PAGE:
Arkengarthdale – NY 996034
The lessors’ new smelt mill was called the New or CB mill, and the confusion over the chronology of the Octagon mill has also affected the interpretation of its history. According to Jennings it was built by Easterby Hall, and remodelled around 1824. Clough repeated the foregoing, but Dr Raistrick noted the provisions of the 1821 lease, and went on to suggest that a deed of covenant, dated 1824, and a new lease granted in 1830, somehow point to the mill not having been built until 1824. In support of this, there is also a copy of an unprovenanced drawing of the “New Smelting Mill, Langthwaite, built 1824 by messrs Gilpin”, in the NMRS Records. Nevertheless, even if we accept that the mill had recently been completed, it was almost certainly built in the previous year because the deed was signed on February 17th 1824. Likewise, because the first lease was signed on June 1st 1821, the nine months allowed for building a mill meant that smelting could hardly have started until 1822. We are, therefore, left with the years 1822 to 1823 in which the New mill began work.
Both Jennings and Clough held that the mill had six reverberatory furnaces. This is wrong, however, and, as Dr Raistrick realised, the mill had orehearths. Moreover, Clough’s drawing differs significantly from the one in the NMRS Records. For example, whilst the layout of the waterwheel, central arched passage, and the six hearths are the same, on the latter drawing the fume hoods cum flues are less complex, and the roof is pitched north-south as opposed to east-west. Photographs in Clough’s book support his roof layout, but the flues are not clear. It is known that the flues were extended after 1854, and that by 1872 the hearths had also been modernised. It looks, therefore, as though one or both episodes was associated with a major rebuilding of the structure which took the fumes into the flues, and a realignment of the roof.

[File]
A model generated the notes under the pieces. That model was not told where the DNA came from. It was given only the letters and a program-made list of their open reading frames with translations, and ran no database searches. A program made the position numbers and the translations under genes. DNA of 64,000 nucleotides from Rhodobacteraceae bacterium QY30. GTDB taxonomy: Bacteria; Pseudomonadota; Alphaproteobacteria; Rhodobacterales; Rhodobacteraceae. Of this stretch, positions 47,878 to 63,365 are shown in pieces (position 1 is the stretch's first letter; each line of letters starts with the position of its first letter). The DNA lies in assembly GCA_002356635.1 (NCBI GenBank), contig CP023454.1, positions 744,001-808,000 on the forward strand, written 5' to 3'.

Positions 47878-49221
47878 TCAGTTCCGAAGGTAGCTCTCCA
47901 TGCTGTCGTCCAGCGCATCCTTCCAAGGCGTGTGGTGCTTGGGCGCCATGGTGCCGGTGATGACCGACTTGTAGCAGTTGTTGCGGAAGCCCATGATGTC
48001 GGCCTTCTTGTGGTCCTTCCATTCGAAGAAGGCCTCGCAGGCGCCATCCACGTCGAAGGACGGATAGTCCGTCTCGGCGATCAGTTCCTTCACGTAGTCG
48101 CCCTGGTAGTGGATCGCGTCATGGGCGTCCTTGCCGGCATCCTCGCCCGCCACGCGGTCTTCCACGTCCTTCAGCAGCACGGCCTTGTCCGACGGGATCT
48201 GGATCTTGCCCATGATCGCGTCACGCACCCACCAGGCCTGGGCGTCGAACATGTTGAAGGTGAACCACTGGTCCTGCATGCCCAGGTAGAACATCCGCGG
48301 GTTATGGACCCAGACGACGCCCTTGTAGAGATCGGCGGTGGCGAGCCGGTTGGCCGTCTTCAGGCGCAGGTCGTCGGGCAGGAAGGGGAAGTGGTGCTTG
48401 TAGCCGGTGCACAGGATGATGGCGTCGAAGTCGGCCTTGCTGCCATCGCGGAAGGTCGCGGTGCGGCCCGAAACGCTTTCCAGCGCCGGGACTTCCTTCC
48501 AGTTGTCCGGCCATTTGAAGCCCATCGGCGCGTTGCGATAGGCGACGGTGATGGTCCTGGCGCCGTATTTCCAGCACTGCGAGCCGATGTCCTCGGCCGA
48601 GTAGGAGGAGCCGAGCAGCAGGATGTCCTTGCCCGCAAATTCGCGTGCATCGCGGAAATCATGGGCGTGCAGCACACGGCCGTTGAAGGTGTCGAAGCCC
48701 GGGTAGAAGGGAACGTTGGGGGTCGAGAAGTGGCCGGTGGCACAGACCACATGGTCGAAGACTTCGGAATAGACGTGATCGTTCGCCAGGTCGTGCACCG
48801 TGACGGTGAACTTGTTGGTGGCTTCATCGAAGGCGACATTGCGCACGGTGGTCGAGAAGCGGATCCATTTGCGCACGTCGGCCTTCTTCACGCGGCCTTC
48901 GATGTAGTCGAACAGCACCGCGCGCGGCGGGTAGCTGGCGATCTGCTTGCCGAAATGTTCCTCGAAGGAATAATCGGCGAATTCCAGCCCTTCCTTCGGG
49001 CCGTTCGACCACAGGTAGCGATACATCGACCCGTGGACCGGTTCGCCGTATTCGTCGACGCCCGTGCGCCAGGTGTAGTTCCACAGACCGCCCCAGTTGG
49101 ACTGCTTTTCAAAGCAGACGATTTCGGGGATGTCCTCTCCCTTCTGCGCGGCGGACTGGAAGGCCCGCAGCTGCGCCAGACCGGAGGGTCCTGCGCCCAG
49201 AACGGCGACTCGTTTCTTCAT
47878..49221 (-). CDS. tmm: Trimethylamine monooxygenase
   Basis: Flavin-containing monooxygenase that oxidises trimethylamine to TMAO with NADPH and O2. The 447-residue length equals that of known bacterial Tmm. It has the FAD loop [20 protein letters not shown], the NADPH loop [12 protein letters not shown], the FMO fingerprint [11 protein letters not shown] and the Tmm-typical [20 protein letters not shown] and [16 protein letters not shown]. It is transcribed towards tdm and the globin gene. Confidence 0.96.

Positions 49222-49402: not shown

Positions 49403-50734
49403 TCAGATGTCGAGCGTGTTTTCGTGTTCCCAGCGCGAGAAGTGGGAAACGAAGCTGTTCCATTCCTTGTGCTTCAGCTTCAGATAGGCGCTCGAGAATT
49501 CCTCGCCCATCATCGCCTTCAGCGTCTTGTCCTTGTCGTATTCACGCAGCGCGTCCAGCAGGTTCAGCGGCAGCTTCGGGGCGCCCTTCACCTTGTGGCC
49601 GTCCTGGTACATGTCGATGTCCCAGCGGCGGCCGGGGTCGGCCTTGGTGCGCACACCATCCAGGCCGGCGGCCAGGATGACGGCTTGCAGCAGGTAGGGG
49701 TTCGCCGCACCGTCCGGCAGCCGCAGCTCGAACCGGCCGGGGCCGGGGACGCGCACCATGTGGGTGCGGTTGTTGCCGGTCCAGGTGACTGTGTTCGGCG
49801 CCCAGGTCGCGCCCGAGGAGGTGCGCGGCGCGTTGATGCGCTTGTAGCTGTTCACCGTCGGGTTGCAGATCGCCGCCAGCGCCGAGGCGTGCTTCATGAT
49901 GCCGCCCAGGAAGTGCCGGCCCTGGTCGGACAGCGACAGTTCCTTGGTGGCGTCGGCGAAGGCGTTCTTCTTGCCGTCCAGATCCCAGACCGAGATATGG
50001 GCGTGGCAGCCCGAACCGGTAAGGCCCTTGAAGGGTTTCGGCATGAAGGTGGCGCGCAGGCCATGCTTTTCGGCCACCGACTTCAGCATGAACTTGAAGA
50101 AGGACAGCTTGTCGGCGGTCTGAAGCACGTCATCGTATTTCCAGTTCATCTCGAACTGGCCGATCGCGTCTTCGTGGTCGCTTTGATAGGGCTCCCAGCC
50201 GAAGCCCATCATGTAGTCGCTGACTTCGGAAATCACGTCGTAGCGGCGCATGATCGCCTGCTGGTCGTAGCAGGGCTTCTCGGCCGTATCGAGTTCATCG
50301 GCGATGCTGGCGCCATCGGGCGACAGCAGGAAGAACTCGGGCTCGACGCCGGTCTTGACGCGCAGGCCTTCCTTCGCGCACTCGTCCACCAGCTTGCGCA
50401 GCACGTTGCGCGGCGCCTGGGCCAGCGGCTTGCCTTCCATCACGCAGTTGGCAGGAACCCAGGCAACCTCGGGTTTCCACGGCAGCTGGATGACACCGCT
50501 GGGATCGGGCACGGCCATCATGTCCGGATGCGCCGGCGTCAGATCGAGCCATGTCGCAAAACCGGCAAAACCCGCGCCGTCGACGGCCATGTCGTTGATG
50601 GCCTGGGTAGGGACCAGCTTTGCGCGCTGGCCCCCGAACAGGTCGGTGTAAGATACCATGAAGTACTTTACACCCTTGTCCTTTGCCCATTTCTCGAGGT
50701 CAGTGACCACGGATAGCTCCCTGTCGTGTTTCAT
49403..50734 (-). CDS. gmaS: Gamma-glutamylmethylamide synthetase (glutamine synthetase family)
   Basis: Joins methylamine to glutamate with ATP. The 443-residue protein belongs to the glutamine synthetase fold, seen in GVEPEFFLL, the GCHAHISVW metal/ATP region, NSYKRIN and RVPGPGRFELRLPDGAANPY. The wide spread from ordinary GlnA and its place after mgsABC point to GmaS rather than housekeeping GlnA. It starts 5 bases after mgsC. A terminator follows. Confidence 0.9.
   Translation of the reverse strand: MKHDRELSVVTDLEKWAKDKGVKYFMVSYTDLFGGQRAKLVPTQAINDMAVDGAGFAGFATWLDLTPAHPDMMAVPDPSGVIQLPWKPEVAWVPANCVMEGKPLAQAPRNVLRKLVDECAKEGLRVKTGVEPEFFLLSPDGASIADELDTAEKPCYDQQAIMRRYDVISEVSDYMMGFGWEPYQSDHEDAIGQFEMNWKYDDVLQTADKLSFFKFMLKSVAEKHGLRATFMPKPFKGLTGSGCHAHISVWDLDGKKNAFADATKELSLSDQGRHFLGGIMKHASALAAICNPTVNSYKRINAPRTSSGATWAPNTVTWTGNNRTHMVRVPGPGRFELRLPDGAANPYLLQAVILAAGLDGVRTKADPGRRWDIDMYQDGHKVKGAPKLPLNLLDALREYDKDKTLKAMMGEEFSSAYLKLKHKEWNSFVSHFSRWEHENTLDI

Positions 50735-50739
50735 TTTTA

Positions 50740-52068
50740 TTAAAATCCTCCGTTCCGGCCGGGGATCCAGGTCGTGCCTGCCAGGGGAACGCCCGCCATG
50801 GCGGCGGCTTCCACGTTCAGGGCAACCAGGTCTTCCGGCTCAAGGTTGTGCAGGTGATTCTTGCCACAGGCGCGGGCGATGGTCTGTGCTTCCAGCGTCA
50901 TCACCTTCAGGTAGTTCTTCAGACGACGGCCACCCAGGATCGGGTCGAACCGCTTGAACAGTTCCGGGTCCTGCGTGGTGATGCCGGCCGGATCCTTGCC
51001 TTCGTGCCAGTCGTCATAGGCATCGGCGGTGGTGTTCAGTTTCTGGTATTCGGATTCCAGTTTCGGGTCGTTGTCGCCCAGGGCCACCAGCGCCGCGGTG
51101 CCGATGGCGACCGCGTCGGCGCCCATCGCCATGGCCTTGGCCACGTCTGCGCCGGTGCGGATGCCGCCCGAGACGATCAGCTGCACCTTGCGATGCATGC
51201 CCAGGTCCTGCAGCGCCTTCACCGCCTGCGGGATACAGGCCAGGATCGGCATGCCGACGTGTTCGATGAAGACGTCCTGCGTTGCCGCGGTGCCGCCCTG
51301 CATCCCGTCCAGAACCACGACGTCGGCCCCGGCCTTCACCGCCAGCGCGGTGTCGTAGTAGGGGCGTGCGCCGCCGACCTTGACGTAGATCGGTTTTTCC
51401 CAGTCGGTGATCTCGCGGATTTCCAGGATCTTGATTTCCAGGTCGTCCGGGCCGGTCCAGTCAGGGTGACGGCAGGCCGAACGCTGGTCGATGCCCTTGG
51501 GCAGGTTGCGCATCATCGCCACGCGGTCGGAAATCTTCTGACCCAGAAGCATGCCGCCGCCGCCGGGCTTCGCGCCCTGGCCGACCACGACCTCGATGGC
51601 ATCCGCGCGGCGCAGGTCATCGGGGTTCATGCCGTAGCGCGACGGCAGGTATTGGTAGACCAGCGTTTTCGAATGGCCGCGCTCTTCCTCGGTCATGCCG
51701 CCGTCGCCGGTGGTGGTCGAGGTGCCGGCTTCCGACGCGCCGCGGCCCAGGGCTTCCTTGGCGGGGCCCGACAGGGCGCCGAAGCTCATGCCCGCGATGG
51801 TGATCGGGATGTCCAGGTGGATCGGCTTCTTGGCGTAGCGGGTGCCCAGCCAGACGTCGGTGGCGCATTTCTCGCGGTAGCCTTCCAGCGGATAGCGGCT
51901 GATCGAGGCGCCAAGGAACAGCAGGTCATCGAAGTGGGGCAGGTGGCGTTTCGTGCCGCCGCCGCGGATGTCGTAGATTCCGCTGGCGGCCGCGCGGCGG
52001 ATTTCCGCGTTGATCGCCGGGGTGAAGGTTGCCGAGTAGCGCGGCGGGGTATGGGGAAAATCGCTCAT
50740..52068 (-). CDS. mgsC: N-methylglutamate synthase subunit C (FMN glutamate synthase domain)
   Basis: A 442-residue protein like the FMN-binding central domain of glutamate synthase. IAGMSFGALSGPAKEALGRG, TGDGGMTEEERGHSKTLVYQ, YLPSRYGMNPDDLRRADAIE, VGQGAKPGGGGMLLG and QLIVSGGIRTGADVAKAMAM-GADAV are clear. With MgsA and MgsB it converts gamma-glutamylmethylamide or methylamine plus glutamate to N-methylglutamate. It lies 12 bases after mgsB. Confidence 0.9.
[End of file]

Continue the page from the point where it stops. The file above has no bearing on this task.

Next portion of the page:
When the CB mill began smelting, its fumes were vented through a 160 metre long flue into the one from the Octagon mill. This gave a total length of 714 metres to the chimney. Sometime after 1854, however, a new chimney was built high on Moulds Side, 1470 metres from the mill. This new flue was also linked to the old chimney by a 136 metre long detour.
Dr Raistrick gave the closure date as July 1901, but the smelting ledger does not end until the end of October that year, and the mines did not close until the following year. When Stang & Cleasby Lead Mines Ltd worked part of the Arkengarthdale mines, between 1907 and 1911, it sold all the ore raised.
Further information and references can be found in:
- Gill, M.C. Yorkshire Smelting Mills Part 1, Northern Mine Research Society Memoirs 1992, British Mining No 45, pp 111-150